If there is one thing every American ought to be able to do, it’s rely on what the law says. Without that assurance, every individual and business is subject to sudden and unexpected changes in the law by unelected judges and bureaucrats rather than our elected legislators.
Yet, there’s no doubt we’ve seen a sharp erosion of our shared reliance on the law in recent years.
A prime example of this dangerous trend is front and center in R.G. & G.R. Funeral Homes v. Equal Employment Opportunity Commission. Headed for oral argument at the U.S. Supreme Court this October, this case has drawn intense interest. The stakes are high.
If there is one thing every American ought to be able to do, it’s rely on what the law says.
Harris Funeral Homes is a fifth-generation family business, serving grieving families in Detroit since 1910. Harris has long maintained professional codes of dress and conduct -- in accord with federal law and industry standard -- to ensure that families focus on processing their grief rather than on the funeral home and its employees. That is why the funeral home prohibits flashy clothing and has a sex-specific dress code, as the law allows.
In 2007, the funeral home hired a biological male, Anthony Stephens, as a funeral director, a position that effectively operates as the face of the funeral home, working closely with grieving families. Stephens agreed to and abided by these policies, including the sex-specific dress code.
Nearly six years later, Stephens informed the funeral home’s owner, Tom Rost, that Stephens planned to begin dressing and presenting as a woman while interacting with grieving families. Tom took some time to think about Stephens’s plan. He was concerned for Stephens, as he is for all of his employees, as well as Stephens’ wife. He considered his female clients and employees -- including an 80-year-old woman -- who would be sharing the women’s restroom with Stephens. And Tom thought about the impact on the grieving families he serves. Since Stephens was unwilling to abide by the agreed-upon dress code, Tom decided the proposal was not going to work and tried to part ways on good terms.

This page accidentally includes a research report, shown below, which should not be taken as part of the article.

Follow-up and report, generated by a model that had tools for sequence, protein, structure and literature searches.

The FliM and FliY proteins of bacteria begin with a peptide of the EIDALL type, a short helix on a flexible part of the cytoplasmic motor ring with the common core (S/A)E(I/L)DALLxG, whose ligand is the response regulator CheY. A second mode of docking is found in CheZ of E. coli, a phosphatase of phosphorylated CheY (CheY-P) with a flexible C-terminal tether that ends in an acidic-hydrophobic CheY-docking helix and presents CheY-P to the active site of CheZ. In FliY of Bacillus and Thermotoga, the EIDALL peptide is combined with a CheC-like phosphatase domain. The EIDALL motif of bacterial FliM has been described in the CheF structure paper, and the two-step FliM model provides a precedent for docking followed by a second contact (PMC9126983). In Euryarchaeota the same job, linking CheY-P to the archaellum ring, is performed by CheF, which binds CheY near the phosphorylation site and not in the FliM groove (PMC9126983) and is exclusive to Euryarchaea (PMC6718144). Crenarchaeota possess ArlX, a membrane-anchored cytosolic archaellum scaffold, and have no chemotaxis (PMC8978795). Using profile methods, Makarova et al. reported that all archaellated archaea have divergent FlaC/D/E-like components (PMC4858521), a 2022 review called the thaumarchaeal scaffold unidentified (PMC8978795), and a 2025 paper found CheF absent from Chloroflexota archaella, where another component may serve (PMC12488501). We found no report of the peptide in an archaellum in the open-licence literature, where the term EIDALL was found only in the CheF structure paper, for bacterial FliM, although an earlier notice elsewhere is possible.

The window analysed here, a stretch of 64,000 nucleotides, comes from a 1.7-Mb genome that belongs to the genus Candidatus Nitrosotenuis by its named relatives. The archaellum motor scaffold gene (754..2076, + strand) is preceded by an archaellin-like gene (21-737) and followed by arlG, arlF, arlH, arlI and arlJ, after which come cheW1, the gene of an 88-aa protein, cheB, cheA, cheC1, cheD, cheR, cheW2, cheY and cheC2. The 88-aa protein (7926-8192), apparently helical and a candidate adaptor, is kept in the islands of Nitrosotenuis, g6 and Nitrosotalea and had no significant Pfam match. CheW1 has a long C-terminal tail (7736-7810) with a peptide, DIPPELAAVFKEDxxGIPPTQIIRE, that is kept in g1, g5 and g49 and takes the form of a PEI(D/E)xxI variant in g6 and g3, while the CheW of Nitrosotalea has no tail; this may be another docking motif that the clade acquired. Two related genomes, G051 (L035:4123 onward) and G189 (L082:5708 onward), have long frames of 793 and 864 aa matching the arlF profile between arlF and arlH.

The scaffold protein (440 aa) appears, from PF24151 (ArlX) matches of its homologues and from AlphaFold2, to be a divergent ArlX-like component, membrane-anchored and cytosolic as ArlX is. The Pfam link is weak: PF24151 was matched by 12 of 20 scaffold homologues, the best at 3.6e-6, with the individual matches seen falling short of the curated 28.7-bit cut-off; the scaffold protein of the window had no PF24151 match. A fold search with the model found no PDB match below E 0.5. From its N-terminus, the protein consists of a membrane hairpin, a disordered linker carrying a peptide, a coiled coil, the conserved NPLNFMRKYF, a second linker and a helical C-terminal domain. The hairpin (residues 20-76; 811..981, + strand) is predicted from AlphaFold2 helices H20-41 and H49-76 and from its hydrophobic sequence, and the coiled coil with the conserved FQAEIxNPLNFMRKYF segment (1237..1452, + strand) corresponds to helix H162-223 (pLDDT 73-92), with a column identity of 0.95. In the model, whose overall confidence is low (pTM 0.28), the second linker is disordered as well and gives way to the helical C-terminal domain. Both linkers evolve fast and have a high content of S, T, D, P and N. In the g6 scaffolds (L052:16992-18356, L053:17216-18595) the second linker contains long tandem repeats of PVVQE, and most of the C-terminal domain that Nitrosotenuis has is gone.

In response, Stephens filed a complaint with the Equal Employment Opportunity Commission, and the agency -- disregarding its own compliance manual -- used the situation to push the federal courts to redefine the word “sex” in federal law to mean “gender identity.” The federal government has since changed its position in this case and now supports the funeral home, but the American Civil Liberties Union intervened and is continuing to pursue this change to redefine “sex” in federal law.
In Harris, the Supreme Court has the opportunity to confirm that Americans can rely on what federal law says, including long-standing protections against sex discrimination. If the justices rule in favor of Harris, it would mean they rightly recognize the meaning of “sex” under federal law as a biological reality. If they rule against Harris and side with the ACLU’s arguments, the justices would effectively redefine “sex” as a subjective, self-realized, and fluid sense of self that will generate legal chaos in virtually every sphere of American life.